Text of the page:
I invite you to visit often and share your own personal health and longevity tips with me.
May you live long, live strong, and live happy!
Sunday, May 29, 2011
OF COURSE, PINOY STYLE. . . Maybe oldies but still goodies..
1st year masaya.
After 5 years: tanggalin ang A = SAWA na
After 10 years: tanggalin ang S = AWA na lang
Sa susunod na taon tanggalin an A = WA na
Mrs: Sa palagay mo, mahal, ilang taon na ako?
Mr: Kung titignan kita sa buhok 18 ka lang, kung nakatalikod 16 ka lang, kung sa kutis 22 lang. Bale total ay 56 sweetheart.
Maliit na duck - panduck
Tirahan ng maliit na duck - Pandacan
Mataas na duck - bunduck
Nagulat na duck - nasinduck
Photogenic na duck - kodak
Malaking duck sa Ilocos - duckil
Madaldal na duck - dakdak
Pantakip sa bibig ng madaldal na duck - duck tape
Manggagamot na duck - ducktor
Musikero na duck - konducktor
ERAP (Old jokes but still patok)
Erap went to Starbucks...
Erap: Isang kape nga!
Barista: Decaf po ba?
Erap: (angry) Aba op kors, alangan namang de plato!
Tumatakbo si Erap galing computer room na sinusundan ng staff:
"Sir, Bakit ka tumatakbo?"
Erap: Tatakas ako, sabi kasi ng computer "press Ctrl then Escape."
Erap: Pareng Ronnie, akyat ka sa puno, pisilin mong mangga kung hinog na.
FPJ: (umakyat at pinisil ang mangga) Oo pare, hinog na.
Erap: Sige baba ka na, sungkitin natin.
FVR: Erap may gift ako para sa yo; galing pa sa India. It's a 10 ft. snake.
Erap: Ows, niloloko mo naman ako e, 10 ft? Hoy di ako ganun ka tanga! Ang snake walang FEET.
Erap delivering speech at the mental hospital.
Inmates shouting: Mabuhay si Erap!
PSG seeing one guy not cheering: Bakit di ka sumabay sa kanila?
Guy: Di ako sira ulo. Janitor ako.
Spanish teacher: Class, use 'fuera' in a sentence.
Student: Mis maestras son bonitas (my teachers are beautiful).
Teacher: Oh, that's very flattering but where's fuera?
Student: "Fuera ka."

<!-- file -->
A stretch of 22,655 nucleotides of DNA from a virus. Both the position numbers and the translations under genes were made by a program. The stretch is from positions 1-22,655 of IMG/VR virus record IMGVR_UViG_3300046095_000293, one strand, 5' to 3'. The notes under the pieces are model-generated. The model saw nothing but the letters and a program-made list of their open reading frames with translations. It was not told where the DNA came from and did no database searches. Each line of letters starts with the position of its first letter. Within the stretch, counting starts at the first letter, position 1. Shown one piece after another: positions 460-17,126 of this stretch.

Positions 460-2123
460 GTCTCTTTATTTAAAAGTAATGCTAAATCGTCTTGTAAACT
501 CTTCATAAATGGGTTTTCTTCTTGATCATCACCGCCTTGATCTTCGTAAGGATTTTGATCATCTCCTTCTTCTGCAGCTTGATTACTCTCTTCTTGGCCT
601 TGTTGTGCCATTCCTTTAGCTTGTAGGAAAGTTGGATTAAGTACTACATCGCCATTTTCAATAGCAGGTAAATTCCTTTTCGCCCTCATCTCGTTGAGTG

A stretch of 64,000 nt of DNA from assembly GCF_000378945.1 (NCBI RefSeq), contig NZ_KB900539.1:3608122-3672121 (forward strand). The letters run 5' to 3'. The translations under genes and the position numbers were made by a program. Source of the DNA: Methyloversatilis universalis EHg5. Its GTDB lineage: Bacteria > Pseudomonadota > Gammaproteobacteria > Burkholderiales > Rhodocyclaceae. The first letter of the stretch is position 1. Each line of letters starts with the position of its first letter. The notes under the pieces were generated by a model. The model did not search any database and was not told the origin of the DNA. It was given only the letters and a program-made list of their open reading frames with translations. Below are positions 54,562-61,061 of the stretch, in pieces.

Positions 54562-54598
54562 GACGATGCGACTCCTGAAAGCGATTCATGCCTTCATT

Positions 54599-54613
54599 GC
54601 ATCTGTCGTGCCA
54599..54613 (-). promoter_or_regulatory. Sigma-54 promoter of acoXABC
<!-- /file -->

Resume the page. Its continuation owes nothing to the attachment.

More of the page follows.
PERFECT HEAVEN: Having American salary, British home, German car, Chinese food, and Pinay wife.
PERFECT HELL: Having Korean car, British wife, German food, American home, and Pinoy salary,
Mare 1: Naku mare, ang gaganda ng mga anak mo!
Mare 2: Talaga mare! Hay naku, kung asawa ko lang ang inasahan ko, hindi sana mangyayari yan.
Letter to OFW dad:
"Luv, thanks sa padala mo, happy si Nene kasi Toblerone ang baon sa school, yung Nike suot na ni junior, next time wag ka na padala ng NIVEA MILK, di nila type, pait daw, ako tuloy ang umubos."
MISTER: Ano ang pagkain natin?
MISIS: Nasa mesa, bahala ka nang pumili.
MISTER: Isang pirasong tuyo? ano pagpipilian ko?
MISIS: Pumili ka kung kakain ka o hindi
Long distance call from US:
HUSBAND: Honey, kumusta ang tindahan?
WIFE: Department store na!
HUSBAND: Ang tuba-an?
WIFE: KTV bar na!
HUSBAND: Ang mga trikad?
WIFE: Taxi na!
HUSBAND: Ang dalawa kong anak?
WIFE: LIMA na!
Lovers watching the sky...
GUY: Ano ang horoscope mo?
GIRL: Anong huruscup?
GUY: Yun bang kapalaran mo, katulad ko, CANCER.
GIRL: Ah, sa akin ALMURANAS.
TITSER: Who can make a sentence, then translate it in Tagalog?
PUPIL: My teacher is beautiful, isn't she?
TITSER: Very good, now translate it in Tagalog.
PUPIL: Ang guro ko ay maganda, maganda nga ba siya?
DONYA: Bilang bagong katulong, tandaan mo na ang almusal dito ay alas 6 empunto!
MAID: Walang problema, Donya. Kung tulog pa ako sa oras na yun, mauna na kayong mag-almusal!
FOR SALE BY OWNER:
Complete set of Encyclopedia Britannica, 45 volumes. Excellent condition. $1000 or best offer. No longer needed. Got married last month. Wife knows EVERYTHING.
3 to 8: years old: paramihan ng toys
9 to 18: pataasan ng grades
19 to 25: padamihan ng chicks
26 to 35: pagandahan ng asawa
36 to 45: palakihan ng income
46 to 55: padamihan, pagandahan, at pabataan ng kabit
56 to 70: padamihan ng sakit
71 and above: pabonggahan ng LIBING!
ESSENCE OF SMELL IN LIFE:
Lotion for babies
Cologne for the 20s:
Efficacent oil for the 40s
Bawang and luya for the 60s
Beyond 60s...FORMALIN na
DIFFERENT PRAYERS OF SINGLE WOMEN:
At 15: Lord give me superMAN
At 18: Lord give me a cute MAN
At 20: Lord give me the best MAN
At 30: Lord give me a good MAN
At 40: Lord give me a MAN
At 50: Lord give me sino MAN
At 60: Lord maawa ka naMAN
SO, DID THESE TIDBITS MAKE YOUR DAY OF LAUGHTER AND JOY????
I BET YES !!!!
Mississippi trafficking case reveals expansion of trafficking syndicates’ operation, says COWA Report
A report submitted to the House of Representatives Committee on Overseas Workers Affairs (COWA) on Wednesday morning on the case of 11 Filipinos trafficked in Mississippi, USA, revealed that trafficking syndicates have expanded operations in the United States and appear to be abetted by high-level officials at the Philippine Overseas Employment Administration (POEA).